“While I had tried to save for retirement
, I never understood the cost of aging.” This statement was made by Susan, a 60-year-old widow in Bellingham, Washington. She has an annual income of $11,000 (Western Washington University, 2017). When looking at the skyrocketing fees required for senior housing and care, what is someone like Susan supposed to do? The Joint Center for Housing Studies of Harvard University (2014) explains how these growing expenses are partially due to the large numbers of baby boomers now in retirement. This increase has strained federal funds that go towards Medicare, Medicaid, and Social Security (The Joint Center for Housing Studies of Harvard University, 2014). With rapidly growing needs for an aging population, communities across the country are scrambling to create effective solutions for seniors with varying needs, resources, and interests
SENIOR HOUSING ASSESMENT
There has been a variety of housing options
available to seniors for some time now, but not sufficient enough to meet the magnitude of need. Kang et al (2016) wrote that it is estimated that by 2030 there will be 70 million people above age 65 in the United States, comprising 20% of the total population (Kang et al, 2016). So, what is the first step in addressing the current changes and gaps for this steadily growing group? People must first conduct thorough analyses of individual situations and within neighborhoods and communities. What financial resources do people have? What social connections or family ties do people have? What passions, interests, and worldviews drive these people? What needs and services can the community provide for seniors and what needs and services can seniors give back to the community?
University (2017) conducted such an analysis, assessing Susan’s needs, desires, goals, and challenges. Susan wanted stability, affordability, social support, independence, a sense of purpose through giving back to the community, to exercise regularly, to eat healthy, and to stay mentally sharp. Susan lost her husband and struggled with debt and depression. Life and aging change both the physical and emotional needs that people have. People become more fragile with increasing medical requirements, and they may also lose family and friends becoming more fragile emotionally. Times and circumstances change and things planned for long ago may not properly match the current situations people find themselves in, like in Susan’s case. Communities are exploring various solutions to meet such needs (Western Washington University, 2017).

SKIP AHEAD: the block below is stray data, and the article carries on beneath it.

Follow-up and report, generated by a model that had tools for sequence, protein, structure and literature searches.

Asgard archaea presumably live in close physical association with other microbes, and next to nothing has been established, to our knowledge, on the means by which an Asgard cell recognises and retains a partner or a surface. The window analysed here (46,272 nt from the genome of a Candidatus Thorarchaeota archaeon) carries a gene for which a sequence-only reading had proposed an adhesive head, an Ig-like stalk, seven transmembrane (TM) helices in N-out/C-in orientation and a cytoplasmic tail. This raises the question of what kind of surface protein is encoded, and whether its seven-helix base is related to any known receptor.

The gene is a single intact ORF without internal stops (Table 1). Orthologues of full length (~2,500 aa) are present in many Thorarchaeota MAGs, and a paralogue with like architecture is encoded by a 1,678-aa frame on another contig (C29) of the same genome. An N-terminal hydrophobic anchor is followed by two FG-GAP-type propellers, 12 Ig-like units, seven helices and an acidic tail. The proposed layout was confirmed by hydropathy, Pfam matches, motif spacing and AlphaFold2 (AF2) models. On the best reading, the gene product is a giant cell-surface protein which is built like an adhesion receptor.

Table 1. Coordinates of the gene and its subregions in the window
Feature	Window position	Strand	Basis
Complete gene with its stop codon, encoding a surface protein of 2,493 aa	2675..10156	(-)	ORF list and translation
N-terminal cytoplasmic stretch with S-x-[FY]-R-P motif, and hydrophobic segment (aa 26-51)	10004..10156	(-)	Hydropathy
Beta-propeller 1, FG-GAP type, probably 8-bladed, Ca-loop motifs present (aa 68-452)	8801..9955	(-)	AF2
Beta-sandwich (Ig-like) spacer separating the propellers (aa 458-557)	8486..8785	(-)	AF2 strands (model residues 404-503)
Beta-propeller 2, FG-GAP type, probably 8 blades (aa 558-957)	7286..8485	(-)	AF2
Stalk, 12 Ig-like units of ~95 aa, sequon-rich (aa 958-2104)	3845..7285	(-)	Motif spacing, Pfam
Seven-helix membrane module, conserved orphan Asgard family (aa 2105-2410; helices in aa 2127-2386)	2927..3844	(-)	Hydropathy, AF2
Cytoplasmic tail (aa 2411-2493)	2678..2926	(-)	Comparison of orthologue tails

Traywick (2007) postulated that “successful aging takes planning.” However, it is hard to plan for the future with its unknown realities and opportunities. For decades now, most communities have had housing options for seniors such as retirement homes, apartments reserved for seniors only, communities of manufactured homes, group housing, low income housing, assisted living, nursing homes, in-home caregivers, Alzheimer’s residential care facilities
, and more. However, even though this list is quite long, there are not enough of these facilities or services that are available and obtainable for the seniors in our country (Traywick, 2007). What is the best way to meet this growing need?